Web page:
Diatribes - Computer, Economic & Political

This blog is really just for me. If you find something interesting on it, leave me a comment. If you disagree with something, let me know what and why. In this blog I am just putting some of my thoughts for computers, the economy, politics, and other topics in writing.

17 April 2007

We Hosed Iraq, Let's Face Up To It

No Military Solution to Occupation
I am a bit of a laggard when it comes to realizing the obvious. I wasn’t thinking about Iraq the other day, when the obvious hit me. We can’t win. Ok that is a little harsh, let me qualify that: we can’t win with force. I absolutely believe that.

What is our current strategy? It is to sit on Iraq until the insurgents go away. No really it is. We try to find them, and get them before they get us. How successful have foreign occupations with limited native support been? Let me think… Afghanistan by the Soviets, Vietnam, Palestine... I could go on.

But I am being dishonest right? There have been many successful military occupations right? Well, not so much. Only two tricks seem to do the job—having a massive size differential (think China and Tibet) or being ruthless (think Japan occupying China).

When I go through and think of the most recent military occupations, I think the occupation of Congo/Zaire by half a dozen African countries. I think of Iraq invading Kuwait. I think of the Falkland Islands by the Argentines. I think of Lebanon by Israel. And which of these invasions remain to this day? None of them.

The lesson of those passed
Let me explain why I think a military solution is impossible. If we had a million troops in Iraq, and a bottomless war chest, we could probably guarantee safety. We could probably restore order. And what would happen to Iraq as soon as we left? All the insurgents that couldn’t step outside would come out. Right now we have a massive force in Iraq. Just massive. And yet we can’t stop insurgents from killing our troops, let alone Iraqi civilians. Why do we think sitting there for longer will stabilize the country, when our presence, so far, has only increased the killings.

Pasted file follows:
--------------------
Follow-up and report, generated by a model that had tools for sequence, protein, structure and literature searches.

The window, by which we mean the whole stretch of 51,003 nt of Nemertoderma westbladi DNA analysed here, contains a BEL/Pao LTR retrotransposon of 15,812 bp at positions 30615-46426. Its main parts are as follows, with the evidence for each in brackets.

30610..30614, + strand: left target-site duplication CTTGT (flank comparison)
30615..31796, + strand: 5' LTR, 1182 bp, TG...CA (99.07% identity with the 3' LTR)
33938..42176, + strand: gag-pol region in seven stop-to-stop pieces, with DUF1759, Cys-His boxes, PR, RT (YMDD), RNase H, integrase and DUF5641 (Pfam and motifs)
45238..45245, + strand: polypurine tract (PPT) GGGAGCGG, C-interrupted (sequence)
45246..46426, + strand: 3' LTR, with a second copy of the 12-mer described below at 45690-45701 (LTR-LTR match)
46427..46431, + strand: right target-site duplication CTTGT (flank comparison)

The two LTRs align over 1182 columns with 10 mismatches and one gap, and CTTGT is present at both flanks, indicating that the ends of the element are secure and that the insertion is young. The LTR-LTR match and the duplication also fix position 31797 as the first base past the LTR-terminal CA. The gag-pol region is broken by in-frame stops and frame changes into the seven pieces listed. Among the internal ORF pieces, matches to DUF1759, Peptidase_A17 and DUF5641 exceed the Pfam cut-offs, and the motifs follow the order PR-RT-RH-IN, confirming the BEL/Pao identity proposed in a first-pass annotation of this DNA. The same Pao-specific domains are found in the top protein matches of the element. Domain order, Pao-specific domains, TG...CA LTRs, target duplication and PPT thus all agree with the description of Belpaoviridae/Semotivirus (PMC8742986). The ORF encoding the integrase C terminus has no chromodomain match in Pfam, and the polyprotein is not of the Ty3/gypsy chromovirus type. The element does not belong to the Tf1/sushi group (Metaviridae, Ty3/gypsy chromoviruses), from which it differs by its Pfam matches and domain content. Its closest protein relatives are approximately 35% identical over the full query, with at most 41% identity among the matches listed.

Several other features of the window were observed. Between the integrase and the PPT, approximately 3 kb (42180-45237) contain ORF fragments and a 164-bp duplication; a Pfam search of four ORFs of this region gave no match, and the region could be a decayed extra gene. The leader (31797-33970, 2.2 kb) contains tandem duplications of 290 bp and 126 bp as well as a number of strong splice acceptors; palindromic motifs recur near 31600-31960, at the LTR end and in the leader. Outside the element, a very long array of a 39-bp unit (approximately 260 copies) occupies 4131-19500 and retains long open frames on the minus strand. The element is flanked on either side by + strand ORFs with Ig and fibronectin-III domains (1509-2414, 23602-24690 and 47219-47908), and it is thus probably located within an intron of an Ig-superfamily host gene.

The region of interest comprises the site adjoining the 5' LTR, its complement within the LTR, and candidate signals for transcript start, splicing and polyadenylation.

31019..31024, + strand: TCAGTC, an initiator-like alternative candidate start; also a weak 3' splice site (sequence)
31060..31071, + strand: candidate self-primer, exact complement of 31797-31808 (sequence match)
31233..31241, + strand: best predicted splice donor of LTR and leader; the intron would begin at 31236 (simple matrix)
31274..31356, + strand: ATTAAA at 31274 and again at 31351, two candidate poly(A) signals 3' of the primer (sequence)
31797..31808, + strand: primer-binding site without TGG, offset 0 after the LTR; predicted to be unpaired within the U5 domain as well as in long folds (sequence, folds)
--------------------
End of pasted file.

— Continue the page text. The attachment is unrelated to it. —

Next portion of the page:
Now, many people claim that leaving Iraq would make the sacrifice of all those who died there for nothing. Not so! The deaths which have occurred in Iraq, civilian and military, are terrible. From an analytical perspective they are a sunk cost. Regardless of what we have invested already, do we want to lose more, or cut our losses? Logic dictates we cut our losses.

More importantly, I think, the deaths of the soldiers over in Iraq, if we left, would represent an invaluable lesson to us. A lesson that could save many more future soldiers, children not yet out of diapers, and those yet unborn. If we learn to think before we act, and to defend, not retaliate, the death of all those soldiers will stand for something, a lesson far more value than the lesson we’ll have learned if we stay. That lesson is, if at first force doesn’t work, keep trying.

Popular Support
Many people must support us though, given the huge number of voters that went out for elections right? Well, maybe. Unfortunately this huge number doesn’t seem to be swelling into the Iraqi police or security guard ranks. I think actions are the best indicators of thought and belief. By this standard, Iraqis want democracy, and they want the US out.

The Chaos to Follow
Another common complaint against leaving is that we will plunge the country into further chaos. I think that is right, we will. But it isn’t because we are leaving, it is because we went. Sooner or later we’ll have to leave. Maybe in 5 years, maybe in 10. We can’t outlive the insurgents, we can’t annihilate American resentment by force. Sooner or later we’ll have to leave, and when we do, the very same violence and bloodshed will occur. Who knows, when our best statistical methods determine 655,000 Iraqi civilians are dead as a direct result of this war, can it really get much worse?

This Needs to End
I don’t understand why congress has abdicated its responsibility to declare war. Perhaps it is fear of failure, and the inevitable blame that would follow. Perhaps if is something else. But whatever the reason, if history has shown us anything it is that concentrating too much power in any individual, save a very select few, has dangerous consequences. There are many now, not just President Bush, who have a dangerous level of power. This needs to stop. For democracy to work, the people’s wishes must be carried out. The people want out of Iraq. If for no other reason, that ought to be enough.

1 Comments:

Blogger Aaron said...

I agree with everything you said but when talking about successful occupations, you omitted two of the most successful in history that critics will certainly bring up. US in Japan and Germany.

11 July, 2007  

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